# The Bowen Lectures

The Bowen Lectures are supported by anonymous donors, one of whom was an undergraduate student of Rufus Bowen.

**The 2017-2018 Bowen Lectures** will be given by Avi Wigderson of the Institute for Advanced Study, on February 7, 8 and 9, 2018. Each lecture begins at 4:10pm and ends at 5:00pm.

Series Title: **Mathematics and Computation (through the lens of one problem and one algorithm)**

Wednesday February 7th

Lecture 1: *The problem, the algorithm and the connections.*

Calvin Laboratory (Simons Institute) Auditorium

Thursday February 8th

Lecture 2: *Proving Algebraic Identities.*

60 Evans Hall

Friday February 9th

Lecture 3: *Proving Analytic Inequalities.*

Calvin Laboratory (Simons Institute) Auditorium

Series Abstract:

Mathematics and computation have gone hand in hand for millennia. Many of the greatest mathematicians we great algorithm designers as well, including Euclid, Newton, Gauss and Hilbert. And since the creation of the theories of computation and then computational complexity, these connections have become far broader, deeper and stronger.

This 3-lecture series will illustrate these connections by focusing on a single computational problem, Singularity of Symbolic Matrices, and a single algorithmic technique for it, Alternate Minimization. As it happens, recent attempts to understand these have uncovered a surprisingly rich web of connections between diverse areas of mathematics and computer science, all of which contributing and benefitting from this interaction. In math these include non-commutative algebra, invariant theory, quantum information theory and analysis. In computer science they include optimization, algebraic complexity and pseudorandomness.

In this first lecture I will give the general set-up, motivating and explaining the problem, algorithm and main results, as well as some of the connections.

In the next two lectures I will survey aspects of two central problems to both math and CS, Proving Algebraic Identities and Proving Analytic Inequalities, motivating and influenced by the research above.

While very related, all three lectures are designed to be independent of each other. They require no special background knowledge.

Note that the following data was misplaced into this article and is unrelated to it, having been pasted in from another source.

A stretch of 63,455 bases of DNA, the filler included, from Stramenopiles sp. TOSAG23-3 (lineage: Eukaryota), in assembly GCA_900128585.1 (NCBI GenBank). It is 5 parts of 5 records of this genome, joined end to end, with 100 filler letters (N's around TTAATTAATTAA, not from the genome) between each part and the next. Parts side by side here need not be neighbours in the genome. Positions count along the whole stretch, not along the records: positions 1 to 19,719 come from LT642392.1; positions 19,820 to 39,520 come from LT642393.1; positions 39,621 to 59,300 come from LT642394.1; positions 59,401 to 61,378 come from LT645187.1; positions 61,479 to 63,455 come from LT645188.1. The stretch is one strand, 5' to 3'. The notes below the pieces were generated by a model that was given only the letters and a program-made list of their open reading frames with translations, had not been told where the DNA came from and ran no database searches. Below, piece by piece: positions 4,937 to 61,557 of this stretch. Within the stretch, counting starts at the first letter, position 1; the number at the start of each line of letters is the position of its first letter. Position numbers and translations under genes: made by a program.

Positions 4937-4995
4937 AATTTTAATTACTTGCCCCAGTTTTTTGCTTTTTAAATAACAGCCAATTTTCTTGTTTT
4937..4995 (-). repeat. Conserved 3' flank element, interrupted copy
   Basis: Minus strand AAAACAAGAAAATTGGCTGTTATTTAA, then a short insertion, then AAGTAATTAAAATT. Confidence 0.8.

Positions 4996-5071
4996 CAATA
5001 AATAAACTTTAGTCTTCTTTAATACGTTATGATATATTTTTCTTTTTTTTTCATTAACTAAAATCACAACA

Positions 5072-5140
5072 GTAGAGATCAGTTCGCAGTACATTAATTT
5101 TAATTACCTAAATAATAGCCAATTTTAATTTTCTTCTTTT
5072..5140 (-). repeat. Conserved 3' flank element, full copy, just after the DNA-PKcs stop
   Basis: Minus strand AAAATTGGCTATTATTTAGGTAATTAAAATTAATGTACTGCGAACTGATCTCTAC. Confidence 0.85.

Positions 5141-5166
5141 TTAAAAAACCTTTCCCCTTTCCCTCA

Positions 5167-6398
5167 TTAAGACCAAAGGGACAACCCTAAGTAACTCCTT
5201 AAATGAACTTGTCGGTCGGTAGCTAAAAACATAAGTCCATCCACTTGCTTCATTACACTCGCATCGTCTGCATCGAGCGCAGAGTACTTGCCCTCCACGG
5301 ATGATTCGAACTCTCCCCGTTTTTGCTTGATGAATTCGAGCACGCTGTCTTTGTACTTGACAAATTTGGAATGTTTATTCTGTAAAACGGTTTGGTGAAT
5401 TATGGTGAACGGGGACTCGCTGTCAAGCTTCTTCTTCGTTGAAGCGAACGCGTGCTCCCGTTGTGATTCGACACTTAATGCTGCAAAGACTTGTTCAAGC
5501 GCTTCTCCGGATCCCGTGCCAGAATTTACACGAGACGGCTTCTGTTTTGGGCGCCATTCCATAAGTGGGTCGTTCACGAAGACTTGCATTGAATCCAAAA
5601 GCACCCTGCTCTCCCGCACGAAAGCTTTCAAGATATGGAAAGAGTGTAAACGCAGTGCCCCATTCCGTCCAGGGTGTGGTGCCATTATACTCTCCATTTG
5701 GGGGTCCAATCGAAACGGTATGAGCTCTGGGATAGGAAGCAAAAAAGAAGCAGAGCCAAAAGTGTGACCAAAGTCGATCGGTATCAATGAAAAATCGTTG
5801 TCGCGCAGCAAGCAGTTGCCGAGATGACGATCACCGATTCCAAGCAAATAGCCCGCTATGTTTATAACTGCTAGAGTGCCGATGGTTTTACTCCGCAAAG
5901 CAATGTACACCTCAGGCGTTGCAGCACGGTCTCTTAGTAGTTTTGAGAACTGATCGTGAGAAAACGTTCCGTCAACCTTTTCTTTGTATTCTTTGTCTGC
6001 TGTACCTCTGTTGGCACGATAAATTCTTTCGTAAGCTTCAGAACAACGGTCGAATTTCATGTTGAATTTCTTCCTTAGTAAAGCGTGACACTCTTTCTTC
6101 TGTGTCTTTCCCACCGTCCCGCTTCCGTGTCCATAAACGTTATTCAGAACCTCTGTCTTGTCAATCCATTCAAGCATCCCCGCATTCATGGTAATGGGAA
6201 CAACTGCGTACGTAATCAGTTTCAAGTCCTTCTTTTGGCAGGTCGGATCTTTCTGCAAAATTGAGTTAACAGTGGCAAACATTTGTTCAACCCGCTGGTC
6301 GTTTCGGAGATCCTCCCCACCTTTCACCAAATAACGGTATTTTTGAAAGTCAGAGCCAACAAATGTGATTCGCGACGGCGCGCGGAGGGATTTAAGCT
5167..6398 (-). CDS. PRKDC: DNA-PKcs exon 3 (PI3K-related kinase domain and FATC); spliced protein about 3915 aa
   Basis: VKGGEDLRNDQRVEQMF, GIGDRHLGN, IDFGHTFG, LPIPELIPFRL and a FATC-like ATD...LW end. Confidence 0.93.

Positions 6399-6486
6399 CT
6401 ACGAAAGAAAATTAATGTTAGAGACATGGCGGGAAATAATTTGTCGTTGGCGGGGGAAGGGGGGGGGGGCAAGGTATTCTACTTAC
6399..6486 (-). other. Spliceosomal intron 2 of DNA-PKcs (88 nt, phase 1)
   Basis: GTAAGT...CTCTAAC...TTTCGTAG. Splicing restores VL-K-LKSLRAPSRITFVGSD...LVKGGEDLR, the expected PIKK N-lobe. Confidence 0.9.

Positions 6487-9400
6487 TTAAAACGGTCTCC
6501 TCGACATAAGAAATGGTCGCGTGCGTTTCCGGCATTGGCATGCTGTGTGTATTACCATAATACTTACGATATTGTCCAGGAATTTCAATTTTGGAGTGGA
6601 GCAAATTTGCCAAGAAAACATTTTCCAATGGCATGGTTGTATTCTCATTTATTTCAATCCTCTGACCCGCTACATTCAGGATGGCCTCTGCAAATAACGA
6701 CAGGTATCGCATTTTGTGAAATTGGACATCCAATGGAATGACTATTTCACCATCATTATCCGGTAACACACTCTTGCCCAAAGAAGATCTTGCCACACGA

Lecture notes for much of this material can be found in http://www.math.ias.edu/~avi/PUBLICATIONS/CCC-17-tutorial-lecture-notes.pdf

Born in 1947 in Vallejo, California, Robert Edward (Rufus) Bowen was awarded the AB with prizes for scholarship by the University of California at Berkeley in 1967. His doctorate in Mathematics was completed in Berkeley in 1970 under the direction of Stephen Smale. In that year he was appointed to the faculty of the Department of Mathematics at Berkeley. He was promoted to the rank of Professor in 1977.

Bowen worked in mathematical dynamics systems theory. His pioneering studies of topological entropy, symbolic dynamics, Markov partitions, and invariant measures are of lasting importance; much of today's research is inspired by his ideas.

### Past Bowen Lecturers

1981-82 Dennis Sullivan

1982-83 Anatol Katok

1983-84 Michael Atiyah

1984-85 John Franks

1985-86 William Parry

1986-87 Nancy Kopell

1987-88 Blaine Lawson

1988-89 David Ruelle

1989-90 Yuri Manin

1990-91 John Milnor

1991-92 Philip Holmes

1992-93 Israel M. Gelfand

1993-94 Alain Connes

1994-95 Shing-Tung Yau

1995-96 Peter Sarnak

1996-97 Vladimir Arnold

1997-98 Simon Donaldson

1998-99 Barry Mazur

1999-00 Cliff Taubes

2000-01 Don Zagier

2001-02 Yakov G. Sinai

2002-03 Roger Penrose

2003-04 Richard Hamilton

2004-05 Curt McMullen

2005-06 John Conway

2006-07 Edward Witten

2007-08 Michael Freedman

2008-09 Hillel Furstenberg

2009-10 Christophe Soulé

2010-11 Michael Hopkins

2011-12 Cédric Villani

2012-13 Benedict Gross

2013-14 Jeff Cheeger

2014-15 Dusa McDuff

2015-16 Jacob Lurie

2016-17 Michael Harris